EH: That’s an interesting angle. I hadn’t really thought of the message in Crichton's books in that way, but I see that there are anti-science tones to it. Certainly, this is what happens when you play forces you don’t fully understand. That idea of moving backward is also present in Timeline. I don’t see us barreling toward an apocalyptic wasteland. The age of traditional war is over. The risks don’t meet the rewards. Now it’s about covert destabilization and monetary warfare. Why fight all-out and risk mutual annihilation when you can slowly motivate another nation to tear itself apart through political and financial tensions? I don’t imagine us reaching a utopian outcome like Star Trek either, for two reasons: the disproportionate benefit of technological implementation and unchecked corporate power. As an example, the most useful and commercially successful electronic vehicle (EV) in the US right now is the Tesla. However, only a tiny percent of the world’s population can afford one. If you are wealthy enough to own a home with solar energy, a battery wall, and a Tesla, you no longer need gas and you no longer pay an electric bill. You are now insulated from fluctuations in global oil and energy prices. As more and more car manufacturers move toward EVs, the accessibility of the technology will expand, but those who can afford to adopt early will have reaped the benefits much longer. In the case of electric vehicles the consequences may not be so dire, but there will come a time where this technology is a medical advancement—something that will prolong our life—and then the impacts on society will be immense. Seeing how a wealthier person can increase their wealth by accessing solar energy and EVs early, it’s not hard to imagine how medical advancements (particularly if they are privatized) could lead to something like the meths in Altered Carbon. That’s by no means a criticism of people who have money, but a critique on how technology is implemented. Often, new technologies are transitioned into commercial enterprises and the need for profit will always make them most accessible to those who can pay for it. As for corporate power, I think of a Canadian sci-fi series called Continuum. In Continuum, there comes a point where instead of the government bailing out companies, companies bailout (and own) the government. I don’t know that I have a good argument for why I envision this outcome. It’s a feeling. But watching certain companies expand their power and wealth rapidly during a pandemic reminds me of the original Deus Ex game.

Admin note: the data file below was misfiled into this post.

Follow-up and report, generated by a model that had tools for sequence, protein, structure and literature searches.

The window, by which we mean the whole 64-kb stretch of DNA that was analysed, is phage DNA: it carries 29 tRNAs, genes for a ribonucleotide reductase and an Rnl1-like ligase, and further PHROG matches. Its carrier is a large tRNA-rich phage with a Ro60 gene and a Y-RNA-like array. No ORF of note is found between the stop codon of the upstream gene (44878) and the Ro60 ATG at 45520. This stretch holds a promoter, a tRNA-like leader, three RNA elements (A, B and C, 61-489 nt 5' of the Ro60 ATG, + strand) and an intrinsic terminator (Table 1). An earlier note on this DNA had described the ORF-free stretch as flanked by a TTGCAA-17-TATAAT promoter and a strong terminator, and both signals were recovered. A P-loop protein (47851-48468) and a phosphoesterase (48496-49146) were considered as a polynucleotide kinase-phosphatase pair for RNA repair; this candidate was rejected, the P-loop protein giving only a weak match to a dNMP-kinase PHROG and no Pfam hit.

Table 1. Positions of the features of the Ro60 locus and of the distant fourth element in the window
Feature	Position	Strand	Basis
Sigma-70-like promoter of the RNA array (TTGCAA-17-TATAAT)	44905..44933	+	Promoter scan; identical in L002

RT: Yes, we’ll have meths soon enough, but I don’t think they’ll have to resleeve. Extending life will all be done via genetic therapy. You essentially give the cell the blueprint for what to do and it will do it. Once time travel is possible, I imagine really bored grandsons of Bill Gates, Elon Musk, and Jeff Bezos recreating the Highlander competition, gathering a few hundred dudes together and sending everyone all back thousands of years to hunt each other down across the centuries. It could make for a dynamic reality television show.